CPE Units: 6
8.1.3 Integrates knowledge of macronutrients and micronutrients for absorption, digestion and metabolism throughout the life span in practice.
8.1.5 Applies medical nutrition therapy in disease prevention and management.
3000 Nutrition Assessment and Diagnosis
5000 Medical Nutrition Therapy
5220 Gastrointestinal Disorders
This live, interactive workshop offers in-depth training on implementation of low FODMAP diets for irritable bowel syndrome (IBS), small intestinal bacterial overgrowth (SIBO) and inflammatory bowel disease (IBD). Pre-registration required.
Every dietitian should know more about FODMAPs! Why? Because 10-20% of Americans have IBS, including many of your patients, consumers, friends and family members. An expert command of the FODMAP approach can help you get better outcomes for these people. A FODMAP elimination diet is a science-based “learning diet” that helps up to 75% of people with irritable bowel syndrome (IBS) effectively manage debilitating gastrointestinal symptoms. But patients need more than a list of high- and low-FODMAP foods; they need detailed, customized, effective nutrition care, provided by a knowledgeable RDN–you!
A FODMAP elimination diet has a specific purpose: to establish whether FODMAPs are part of the clinical picture for a patient, and if so, which ones, and to what degree. Likewise, this workshop is specifically focused on the FODMAP approach, and reflects a food-based approach to treatment, with minimal use of diagnostic tests or supplements.
At this in-depth workshop, the scientific foundation of the FODMAP approach will be established. The remainder of the course will be devoted to clinical decision-making during the elimination and reintroduction of FODMAPs, and to case study and demonstration. Patsy will share practice pearls from her extensive experience delivering this diet to thousands of patients. Plenty of time will be available for questions and answers, and Patsy will lead discussions about special topics such as:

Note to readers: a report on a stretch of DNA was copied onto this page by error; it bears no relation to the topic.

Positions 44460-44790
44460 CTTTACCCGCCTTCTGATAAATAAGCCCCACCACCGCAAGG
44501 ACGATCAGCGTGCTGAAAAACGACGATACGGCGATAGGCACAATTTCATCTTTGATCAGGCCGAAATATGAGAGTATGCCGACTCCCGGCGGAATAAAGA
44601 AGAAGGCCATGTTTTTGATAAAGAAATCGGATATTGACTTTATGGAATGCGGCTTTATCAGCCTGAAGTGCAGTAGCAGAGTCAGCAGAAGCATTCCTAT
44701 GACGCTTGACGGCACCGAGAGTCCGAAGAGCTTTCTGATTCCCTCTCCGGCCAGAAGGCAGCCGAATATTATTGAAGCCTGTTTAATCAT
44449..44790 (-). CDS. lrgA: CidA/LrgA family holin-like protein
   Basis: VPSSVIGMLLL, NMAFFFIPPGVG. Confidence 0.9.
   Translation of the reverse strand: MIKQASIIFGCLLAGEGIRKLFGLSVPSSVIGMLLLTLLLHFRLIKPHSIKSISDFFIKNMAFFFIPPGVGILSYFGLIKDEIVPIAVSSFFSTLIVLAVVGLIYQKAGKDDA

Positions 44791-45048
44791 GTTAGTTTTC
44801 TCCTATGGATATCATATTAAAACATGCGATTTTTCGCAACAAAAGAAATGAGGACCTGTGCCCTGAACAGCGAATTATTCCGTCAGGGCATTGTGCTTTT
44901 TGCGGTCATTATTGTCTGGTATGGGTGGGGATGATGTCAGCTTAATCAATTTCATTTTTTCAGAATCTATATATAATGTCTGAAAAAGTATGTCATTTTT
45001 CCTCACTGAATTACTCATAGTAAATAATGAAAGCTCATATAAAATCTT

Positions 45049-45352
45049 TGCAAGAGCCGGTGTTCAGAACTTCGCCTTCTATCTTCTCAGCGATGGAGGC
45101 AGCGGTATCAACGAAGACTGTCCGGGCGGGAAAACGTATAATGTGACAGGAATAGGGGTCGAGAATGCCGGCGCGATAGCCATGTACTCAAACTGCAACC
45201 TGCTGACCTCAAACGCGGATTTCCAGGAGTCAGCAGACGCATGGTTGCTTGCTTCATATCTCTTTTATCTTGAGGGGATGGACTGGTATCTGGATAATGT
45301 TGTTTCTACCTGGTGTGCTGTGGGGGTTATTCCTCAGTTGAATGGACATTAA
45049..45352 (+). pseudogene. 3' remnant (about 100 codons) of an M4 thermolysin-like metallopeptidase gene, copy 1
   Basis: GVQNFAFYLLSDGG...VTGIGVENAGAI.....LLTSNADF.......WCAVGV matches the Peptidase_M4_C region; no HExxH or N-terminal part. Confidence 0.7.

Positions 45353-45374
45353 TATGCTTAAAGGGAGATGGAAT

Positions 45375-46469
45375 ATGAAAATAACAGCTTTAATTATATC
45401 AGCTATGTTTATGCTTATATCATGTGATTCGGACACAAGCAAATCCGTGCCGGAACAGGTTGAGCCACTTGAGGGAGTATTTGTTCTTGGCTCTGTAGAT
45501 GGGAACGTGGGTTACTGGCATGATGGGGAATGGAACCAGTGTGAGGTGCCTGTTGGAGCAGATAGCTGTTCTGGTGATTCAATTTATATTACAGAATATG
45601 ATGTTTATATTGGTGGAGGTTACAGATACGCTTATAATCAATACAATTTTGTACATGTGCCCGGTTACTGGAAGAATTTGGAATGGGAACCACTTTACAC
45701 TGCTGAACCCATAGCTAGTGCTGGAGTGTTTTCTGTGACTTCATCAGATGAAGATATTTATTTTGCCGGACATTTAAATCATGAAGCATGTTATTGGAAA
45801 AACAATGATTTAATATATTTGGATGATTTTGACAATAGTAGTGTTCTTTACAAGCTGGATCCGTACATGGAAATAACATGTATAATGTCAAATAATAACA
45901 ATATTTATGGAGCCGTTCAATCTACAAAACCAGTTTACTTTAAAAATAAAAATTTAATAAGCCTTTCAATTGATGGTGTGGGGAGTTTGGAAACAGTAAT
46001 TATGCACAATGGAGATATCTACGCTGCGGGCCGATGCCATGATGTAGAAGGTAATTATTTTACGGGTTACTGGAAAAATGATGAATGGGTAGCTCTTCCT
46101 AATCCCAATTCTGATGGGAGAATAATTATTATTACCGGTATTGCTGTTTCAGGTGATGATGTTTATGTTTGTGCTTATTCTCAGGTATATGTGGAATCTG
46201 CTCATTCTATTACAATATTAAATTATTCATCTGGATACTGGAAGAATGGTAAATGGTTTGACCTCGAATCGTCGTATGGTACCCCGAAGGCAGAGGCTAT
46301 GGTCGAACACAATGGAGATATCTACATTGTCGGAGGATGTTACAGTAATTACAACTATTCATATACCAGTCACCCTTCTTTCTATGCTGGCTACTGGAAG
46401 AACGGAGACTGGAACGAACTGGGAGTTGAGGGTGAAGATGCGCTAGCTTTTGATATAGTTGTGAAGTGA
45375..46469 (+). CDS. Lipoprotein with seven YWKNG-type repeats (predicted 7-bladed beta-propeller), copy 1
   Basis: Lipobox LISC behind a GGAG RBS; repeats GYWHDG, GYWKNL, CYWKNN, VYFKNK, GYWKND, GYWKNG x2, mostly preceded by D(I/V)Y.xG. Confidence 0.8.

- IBS vs. SIBO.Is low-FODMAP diet indicated for small intestinal bacterial overgrowth (SIBO)? How to proceed given the current lack of evidence on nutrition therapy for SIBO.
- IBS v. NCGS.Without a biomarker, non-celiac gluten sensitivity (NCGS) is a diagnosis of exclusion. Are your patients unnecessarily eliminating gluten?
- Detecting hidden FODMAPsin manufactured food and supplement ingredient lists. Help your patients read labels and understand the dos and don’ts.
- The spectrum of fermentable carbohydrates including fibers, gums, and starches. Understand the nuances.
Who should attend: Healthcare professionals, particularly registered dietitian nutritionists with prior exposure to FODMAPs and wishing to fine tune clinical decision-making skills and increase competence in identifying high- and low-FODMAP foods and supplements. Take your FODMAP practice beyond the basics!
Schedule of Events:
8:30-9:30 FODMAPs: Mechanisms, efficacy, and risks of the approach for IBS and other GI conditions
9:30-10:00 FODMAP composition of foods
10:15-11:00 Label reading
11:00-12:15 Nutrition care planning
1:00-1:15 Supplements, FODMAPs and IBS
1:15 to 1:45pm Self-test and follow-up discussion
1:45 to 3:30 pm Case study and role play/demo of 1st and 2nd patient encounters